Survey: OBGYNs Report That the Affordable Care Act Has Increased Use of Contraceptives Among Patients, but the Cost of Reproductive Health Care Still a Burden for Their Low-Income Patients

As the nation awaits the Supreme Court ruling on the future of the Affordable Care Act (ACA), a 2020 KFF survey of obstetrician-gynecologists (OBGYNs) finds that since implementation of the ACA’s contraceptive coverage requirement, nearly two-thirds of OBGYNs (63%) reported an increase in contraceptive uptake from their patients and 69% reported an increase in their patients use of their desired contraceptive method. However, nearly all OBGYNs (92%) reported the cost of reproductive health care services still presents a challenge for low-income patients.

The survey highlights issues of patient affordability and access to care. About half of OBGYNs found the issue of affordability comes up always or often when discussing treatment or test options with patients. While 78% of OBGYN practices accept Medicaid, physicians report challenges with specialists accepting Medicaid referrals and being reimbursed at a lower rate by the program compared to private insurance.

The survey found that a majority of OBGYNs provided some form of contraceptive care, but just 18% offered all non-permanent contraceptive methods to their patients. Notably, less than half of OBGYNs provide their patients with prescription forms of emergency contraception (copper IUD and Ella).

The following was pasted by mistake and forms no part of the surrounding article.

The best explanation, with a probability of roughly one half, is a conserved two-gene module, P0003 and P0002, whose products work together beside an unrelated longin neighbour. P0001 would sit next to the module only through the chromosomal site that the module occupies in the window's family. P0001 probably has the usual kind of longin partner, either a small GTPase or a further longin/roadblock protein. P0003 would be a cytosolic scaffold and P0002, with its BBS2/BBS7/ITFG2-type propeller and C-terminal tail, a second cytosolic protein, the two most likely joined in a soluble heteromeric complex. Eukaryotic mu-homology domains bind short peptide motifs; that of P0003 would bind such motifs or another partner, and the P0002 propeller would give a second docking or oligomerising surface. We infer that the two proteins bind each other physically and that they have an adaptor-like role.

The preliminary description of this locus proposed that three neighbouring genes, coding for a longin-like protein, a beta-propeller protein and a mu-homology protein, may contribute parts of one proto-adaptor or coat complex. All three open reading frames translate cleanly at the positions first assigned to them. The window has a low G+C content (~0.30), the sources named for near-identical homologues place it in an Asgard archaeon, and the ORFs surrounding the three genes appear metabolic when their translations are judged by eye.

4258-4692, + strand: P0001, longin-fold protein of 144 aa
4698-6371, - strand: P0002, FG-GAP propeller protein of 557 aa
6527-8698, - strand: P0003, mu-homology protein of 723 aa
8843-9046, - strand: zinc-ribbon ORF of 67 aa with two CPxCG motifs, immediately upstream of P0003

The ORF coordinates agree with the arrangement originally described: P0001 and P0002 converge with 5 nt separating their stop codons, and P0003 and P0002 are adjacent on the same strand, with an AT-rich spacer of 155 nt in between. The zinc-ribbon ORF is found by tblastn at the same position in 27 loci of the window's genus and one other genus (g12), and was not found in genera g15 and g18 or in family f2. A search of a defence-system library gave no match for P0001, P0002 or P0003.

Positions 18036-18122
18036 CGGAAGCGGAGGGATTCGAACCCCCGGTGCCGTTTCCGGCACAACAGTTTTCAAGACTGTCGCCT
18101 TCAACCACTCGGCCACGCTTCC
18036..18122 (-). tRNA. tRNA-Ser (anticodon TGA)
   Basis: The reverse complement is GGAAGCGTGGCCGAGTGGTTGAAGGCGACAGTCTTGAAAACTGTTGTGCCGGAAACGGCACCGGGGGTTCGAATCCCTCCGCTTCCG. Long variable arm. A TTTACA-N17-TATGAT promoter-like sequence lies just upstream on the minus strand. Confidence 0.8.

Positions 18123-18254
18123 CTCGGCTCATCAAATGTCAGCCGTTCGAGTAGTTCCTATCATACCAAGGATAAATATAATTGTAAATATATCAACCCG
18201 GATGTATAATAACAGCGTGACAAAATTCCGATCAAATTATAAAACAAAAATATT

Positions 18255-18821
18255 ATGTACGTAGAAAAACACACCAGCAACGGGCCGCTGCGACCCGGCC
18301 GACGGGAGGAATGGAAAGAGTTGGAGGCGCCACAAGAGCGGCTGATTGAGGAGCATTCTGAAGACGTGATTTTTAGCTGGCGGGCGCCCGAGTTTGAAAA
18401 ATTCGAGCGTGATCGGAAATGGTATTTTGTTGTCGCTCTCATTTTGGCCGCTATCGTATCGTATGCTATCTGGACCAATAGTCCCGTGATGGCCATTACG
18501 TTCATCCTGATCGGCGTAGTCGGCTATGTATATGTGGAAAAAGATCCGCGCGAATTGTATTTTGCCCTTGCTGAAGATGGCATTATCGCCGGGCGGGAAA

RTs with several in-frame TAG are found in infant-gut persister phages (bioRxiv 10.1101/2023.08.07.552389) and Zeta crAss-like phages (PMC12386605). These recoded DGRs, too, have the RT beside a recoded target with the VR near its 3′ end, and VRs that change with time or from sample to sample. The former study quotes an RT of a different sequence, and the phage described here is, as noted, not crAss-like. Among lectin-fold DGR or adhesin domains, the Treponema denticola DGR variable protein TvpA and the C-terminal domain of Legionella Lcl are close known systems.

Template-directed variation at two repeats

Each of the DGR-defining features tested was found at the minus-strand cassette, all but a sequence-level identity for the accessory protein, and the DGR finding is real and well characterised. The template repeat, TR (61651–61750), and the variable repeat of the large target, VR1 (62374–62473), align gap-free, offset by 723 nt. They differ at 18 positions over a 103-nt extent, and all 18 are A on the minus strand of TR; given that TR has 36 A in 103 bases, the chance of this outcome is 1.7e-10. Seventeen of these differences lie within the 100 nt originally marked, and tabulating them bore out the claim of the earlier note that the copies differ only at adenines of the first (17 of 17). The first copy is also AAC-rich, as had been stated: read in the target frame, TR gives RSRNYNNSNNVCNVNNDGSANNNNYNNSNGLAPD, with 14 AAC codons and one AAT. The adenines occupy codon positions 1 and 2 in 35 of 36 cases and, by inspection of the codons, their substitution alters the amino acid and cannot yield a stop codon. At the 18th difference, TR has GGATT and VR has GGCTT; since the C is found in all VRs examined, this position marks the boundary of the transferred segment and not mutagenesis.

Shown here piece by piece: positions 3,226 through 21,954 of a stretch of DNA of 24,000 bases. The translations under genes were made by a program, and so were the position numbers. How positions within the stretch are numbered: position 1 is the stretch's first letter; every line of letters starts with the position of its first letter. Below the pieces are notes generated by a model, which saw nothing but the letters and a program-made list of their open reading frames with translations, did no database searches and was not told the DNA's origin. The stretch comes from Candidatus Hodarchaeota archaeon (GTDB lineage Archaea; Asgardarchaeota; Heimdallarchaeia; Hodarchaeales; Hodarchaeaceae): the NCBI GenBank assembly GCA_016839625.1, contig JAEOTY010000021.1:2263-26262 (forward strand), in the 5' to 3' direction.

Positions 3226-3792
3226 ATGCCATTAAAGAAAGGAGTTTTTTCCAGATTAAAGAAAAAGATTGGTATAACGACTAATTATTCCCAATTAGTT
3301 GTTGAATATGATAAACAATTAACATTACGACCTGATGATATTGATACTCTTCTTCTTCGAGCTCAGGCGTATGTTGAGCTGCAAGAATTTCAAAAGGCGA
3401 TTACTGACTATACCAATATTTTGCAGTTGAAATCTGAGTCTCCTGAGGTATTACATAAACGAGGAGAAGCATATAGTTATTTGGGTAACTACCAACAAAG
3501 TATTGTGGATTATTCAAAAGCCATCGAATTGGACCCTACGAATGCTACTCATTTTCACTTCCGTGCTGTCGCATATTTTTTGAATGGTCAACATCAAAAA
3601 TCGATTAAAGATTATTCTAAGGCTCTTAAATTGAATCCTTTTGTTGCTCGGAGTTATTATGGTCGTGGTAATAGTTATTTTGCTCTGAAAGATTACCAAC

A limited number of OBGYNs (23%) provide abortions, but they were more commonly offered by OBGYNs in urban areas, the Northeast, and the West. The most frequently reported reasons for not providing abortion included their practice had policies against it (49%), that abortion services were available elsewhere (45%), and personal opposition (31%).

When asked about career satisfaction, 70% of OBGYNs reported they would choose the same medical specialty, while a minority reported they would choose a different specialty (19%) or not be a physician at all (10%).

For additional findings read the full report, OBGYNs and the Provision of Sexual and Reproductive Health Care: Key Findings from a National Survey.

Methodology

The 2020 KFF National Physician Survey on Reproductive Health surveyed 1,210 OBGYNs from March 18 to September 1, 2020. The survey received responses from a nationally representative sample of OBGYNs practicing in the U.S. who provide sexual and reproductive health care to patients. Following the beginning of the COVID-19 pandemic, additional questions were added regarding the impact of COVID-19. You can find the results here: How OBGYNs Adapted Provision of Sexual and Reproductive Health Care During the COVID-19 Pandemic.

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